The differential diagnosis of UESL includes hepatobiliary rhabdomyosarcoma and hepatoblastoma of the liver, both of which are composed of small undifferentiated cells which may share cytologic similarities with UESL. Hepatobiliary rhabdomyosarcoma occurs typically in young children, females more frequently affected than males (average age of 3 years). The mitotically active small blue cells of hepatobiliary rhabdomyosarcoma arise beneath the bile duct epithelium and may appear cytologically similar to the oval cells of UESL. However, hepatobiliary rhabdomyosarcoma will show immunohistochemical staining for MyoD1 and myogenin, both of which are not present in UESL. Similarly, hepatoblastoma also presents in young children (less than 5 years of age) and is composed of both epithelial and mesenchymal cells that can share histologic similarities with UESL. Patients with hepatoblastoma often present with serum AFP (alpha fetoprotein) elevations, which are not seen in patients with UESL. Hepatoblastoma will show immunohistochemical staining for HepPar-1 (in most subtypes) and nuclear staining for beta-catenin; these stains will not be positive in UESL.

Other liver tumors composed of spindle cells can also share histologic similarities with UESL. Angiosarcoma of the liver is usually seen in adults, but can rarely be identified in children. This tumor is composed of variably solid, papillary and cystic areas, composed of spindle cells with a high mitotic rate. In contrast to UESL, this tumor contains no hyaline globules and exhibits staining for CD31 and CD34. Epithelioid gastrointestinal stromal tumor can be composed of both spindle and epithelioid cells with eosinophilic cytoplasm and may contain cytoplasmic vacuoles. However, immunohistochemical markers characteristic for gastrointestinal stromal tumor including CD117 (Kit), CD34, and DOG1 are absent in UESL.

Supplementary Questions:

  1. Which of the following best describes undifferentiated embryonal sarcoma of liver?
    1. Multiple tumor nodules formed by small undifferentiated cells
    2. Primitive small tumor cells, resembling fetal liver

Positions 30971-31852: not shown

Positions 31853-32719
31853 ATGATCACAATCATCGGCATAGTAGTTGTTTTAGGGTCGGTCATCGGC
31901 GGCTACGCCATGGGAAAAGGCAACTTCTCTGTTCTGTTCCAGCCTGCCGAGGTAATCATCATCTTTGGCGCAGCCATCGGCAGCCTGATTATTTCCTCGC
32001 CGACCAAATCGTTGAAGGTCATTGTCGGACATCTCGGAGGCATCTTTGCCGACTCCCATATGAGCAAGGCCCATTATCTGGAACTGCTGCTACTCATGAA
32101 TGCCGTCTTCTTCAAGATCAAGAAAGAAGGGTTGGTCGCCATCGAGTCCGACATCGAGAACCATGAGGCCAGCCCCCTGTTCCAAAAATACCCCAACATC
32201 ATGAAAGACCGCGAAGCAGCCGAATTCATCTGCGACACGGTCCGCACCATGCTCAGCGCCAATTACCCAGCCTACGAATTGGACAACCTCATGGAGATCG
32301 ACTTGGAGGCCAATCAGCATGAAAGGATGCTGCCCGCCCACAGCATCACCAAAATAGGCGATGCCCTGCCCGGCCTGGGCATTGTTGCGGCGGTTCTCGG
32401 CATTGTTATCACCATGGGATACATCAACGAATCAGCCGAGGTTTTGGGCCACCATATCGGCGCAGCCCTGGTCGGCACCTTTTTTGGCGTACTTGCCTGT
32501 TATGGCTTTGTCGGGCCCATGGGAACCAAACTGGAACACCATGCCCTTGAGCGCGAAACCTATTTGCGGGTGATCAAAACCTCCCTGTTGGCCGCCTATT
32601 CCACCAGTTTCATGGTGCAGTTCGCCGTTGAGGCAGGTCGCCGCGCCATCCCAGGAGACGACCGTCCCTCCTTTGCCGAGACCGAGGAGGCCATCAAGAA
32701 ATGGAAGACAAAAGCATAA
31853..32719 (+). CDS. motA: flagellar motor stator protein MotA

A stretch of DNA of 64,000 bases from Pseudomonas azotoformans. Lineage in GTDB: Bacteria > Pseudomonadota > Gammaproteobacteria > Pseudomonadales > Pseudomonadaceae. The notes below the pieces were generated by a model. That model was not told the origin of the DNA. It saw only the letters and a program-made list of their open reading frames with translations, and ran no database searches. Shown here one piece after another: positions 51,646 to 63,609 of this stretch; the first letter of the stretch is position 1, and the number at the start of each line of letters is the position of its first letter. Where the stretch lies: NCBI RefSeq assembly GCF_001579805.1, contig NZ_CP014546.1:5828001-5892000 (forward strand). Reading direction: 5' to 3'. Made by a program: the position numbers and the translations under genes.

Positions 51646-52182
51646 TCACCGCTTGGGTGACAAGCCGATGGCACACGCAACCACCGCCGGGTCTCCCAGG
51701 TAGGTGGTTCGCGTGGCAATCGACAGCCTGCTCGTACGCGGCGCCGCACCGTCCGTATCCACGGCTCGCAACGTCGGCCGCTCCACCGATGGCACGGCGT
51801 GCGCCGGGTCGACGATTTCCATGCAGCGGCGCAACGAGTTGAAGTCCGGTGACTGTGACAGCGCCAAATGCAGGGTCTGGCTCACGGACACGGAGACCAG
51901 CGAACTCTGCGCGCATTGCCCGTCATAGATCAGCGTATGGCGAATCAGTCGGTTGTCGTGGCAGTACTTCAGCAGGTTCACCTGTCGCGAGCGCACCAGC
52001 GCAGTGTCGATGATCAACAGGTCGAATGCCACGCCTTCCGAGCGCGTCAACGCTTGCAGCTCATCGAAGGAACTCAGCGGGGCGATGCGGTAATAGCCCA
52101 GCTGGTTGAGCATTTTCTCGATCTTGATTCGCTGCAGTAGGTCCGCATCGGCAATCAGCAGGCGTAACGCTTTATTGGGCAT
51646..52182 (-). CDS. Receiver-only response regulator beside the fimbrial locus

3. Polymorphous spindle, ovoid, and anaplastic tumor cells with intracytoplasmic globules
    4. Tumor nodules composed of malignant spindled cells associated with cytoplasmic vacuoles
  2. Which entity shares 19q abnormalities with some cases of embryonal sarcoma, suggesting a possible shared pathway?
    1. Bile duct hamartoma
    2. Hepatobiliary rhabdomyosarcoma
    3. Hepatoblastoma
    4. Mesenchymal hamartoma
  3. Positive staining for which immunohistochemical marker(s) can be seen in UESL?
    1. Cytokeratin
    2. Desmin
    3. Vimentin
    4. All of the above
    5. None of the above


  1. Ferrell LD. Benign and malignant tumors of the liver. In: Odze RD, Goldblum JR, Crawford JM, eds. Surgical Pathology of the GI Tract, Liver, Biliary Tract, and Pancreas. 2nd Ed. Philadelphia, PA: Saunders; 2009:1322-1323.
  2. Frankel WL, Zhou X. Embryonal Sarcoma. In Ferrell LD, Kakar S, eds. Liver Pathology. 1st Ed. New York, NY: Demos Medical; 2011:502-504.
  3. Goodman ZD, Terracciano LM. Tumours and tumour-like lesions of the liver. In: Burt AD, Portmann BC, Ferrell LD, eds. MacSween's Pathology of the Liver. 5th Ed.Philadelphia, PA: Churchill Livingstone Elsevier; 2007: 803-804.
  4. Kiani B, Ferrell LD, Qualman S, Frankel WL. Immunohistochemical analysis of embryonal sarcoma of the liver. Appl Immunohistochem Mol Morphol. 2006 Jun; 4(2):193-197.
  5. Levy M, Trivedi A, Zhang J, Miles L, Mattis AN, Kim GE, Lassman C, Anders RA, Misdraji J, Yerian LM, Xu H, Dhall D, Wang HL. Expression of glypican-3 in undifferentiated embryonal sarcoma and mesenchymal harmartoma of the liver. Hum Pathol. 2012 May;43(5):695-701.
  6. May LT, Wang M, Albano E, Garrington T, Dishop M, Macy ME. Undiffentiated sarcoma of the liver: a single institution experience using a uniform treatment approach. J Pediatr Hematol Oncol; 2012 Apr;34(3): 114-116.
  7. Miettinen M, Fletcher CDM, Kindblom LG, et al. Mesenchymal tumours of the liver. In: Bosman FT, Carneiro F, Hruban RH, Theise ND, eds. WHO Classification of Tumours of the Digestive System. 4th Ed. Lyon, France: IARC Press; 2010:246-247.
  8. Nicol K, Savell V, Moore J, Teot L, Spunt SL, Qualman S; Children's Oncology Group, Soft Tissue Sarcoma Committee. Distinguishing undifferentiated embryonal sarcoma of the liver from biliary tract rhabdomyosarcoma: a Children's Oncology Group study. Pediatr Dev Pathol. 2007 Mar-Apr;10(2):89-97.
  9. O'Sullivan MJ, Swanson PE, Knoll J, Taboada EM, Dehner LP. Undifferentiated embryonal sarcoma with unusual features arising within mesenchymal hamartoma of the liver: report of a case and review of the literature. Pediatr Dev Pathol. 2001 Sep-Oct;4(5):482-489.
  10. Shehata BM, Gupta NA, Katzenstein HM, Steelman CK, Wulkan ML, Gow KW, Bridge JA, Kenney BD, Thompson K, de Chadarévian JP, Abramowsky CR. Undifferentiated embryonal sarcoma of the liver is associated with mesenchymal hamartoma and multiple chromosomal abnormalities: a review of eleven cases. Pediatr Dev Pathol. 2011 Mar-Apr;14(2):111-116.


Rajan Dewar, MD, PhD, FCAP
Surgical Pathology Committee
Beth Israel Deaconess Hospital and Harvard Medical School
Boston, MA

Answer Key

  1. Polymorphous spindle, ovoid, and anaplastic tumor cells with intracytoplasmic globules (c). 
  2. Mesenchymal hamartoma (d). 
  3. All of the above (d).